However many studies on long COVID have lacked a control group (meaning comparisons with children who didn’t have COVID), making it difficult to separate the symptoms of long COVID from the indirect impacts of the pandemic on children.

For example, high rates of depression and anxiety have been observed in children, likely related to the effects of lockdowns, school closures and social isolation. These conditions share many features with long COVID and complicate the interpretation of research into the condition.

More recent studies that have included a control group identified only a very small increase in long-COVID symptoms following mild COVID infection, compared with those who tested negative for COVID. This potentially means long COVID in kids is quite rare.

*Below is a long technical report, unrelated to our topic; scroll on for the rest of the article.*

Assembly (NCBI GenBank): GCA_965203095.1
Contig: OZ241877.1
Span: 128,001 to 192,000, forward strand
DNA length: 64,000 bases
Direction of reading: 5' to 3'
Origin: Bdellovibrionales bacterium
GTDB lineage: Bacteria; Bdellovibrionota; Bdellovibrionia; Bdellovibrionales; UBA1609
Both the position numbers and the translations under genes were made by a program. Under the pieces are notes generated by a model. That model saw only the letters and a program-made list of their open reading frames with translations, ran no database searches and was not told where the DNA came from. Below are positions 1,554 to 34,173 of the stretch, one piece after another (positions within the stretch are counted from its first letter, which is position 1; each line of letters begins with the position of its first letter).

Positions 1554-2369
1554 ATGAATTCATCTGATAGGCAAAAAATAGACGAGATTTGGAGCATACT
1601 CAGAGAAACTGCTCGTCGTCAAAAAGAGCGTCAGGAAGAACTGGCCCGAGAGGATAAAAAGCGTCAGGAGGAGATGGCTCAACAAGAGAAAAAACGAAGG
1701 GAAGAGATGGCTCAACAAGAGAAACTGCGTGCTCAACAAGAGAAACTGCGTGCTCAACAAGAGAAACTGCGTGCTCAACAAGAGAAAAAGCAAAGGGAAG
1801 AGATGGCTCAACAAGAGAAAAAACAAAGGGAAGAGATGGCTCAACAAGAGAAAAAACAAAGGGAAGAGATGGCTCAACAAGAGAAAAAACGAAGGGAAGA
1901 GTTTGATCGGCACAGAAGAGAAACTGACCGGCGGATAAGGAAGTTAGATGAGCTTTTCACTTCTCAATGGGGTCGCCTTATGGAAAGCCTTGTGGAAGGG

What we see in our COVID clinic for kids

Our COVID follow-up clinic at The Royal Children’s Hospital Melbourne was running from mid-2020 to mid-2023. We saw more than 600 children throughout that time.

In our experience, most children recover fully after COVID in a similar way to other viruses.

A small proportion experience prolonged symptoms including fatigue, post-exertional malaise, concentration difficulties and pain. These symptoms are similar to other post-viral syndromes such as chronic fatigue syndrome (also known as myalgic encephalitis), for which viruses are a common precursor. Some patients we saw fulfilled the criteria for chronic fatigue syndrome following their COVID infection.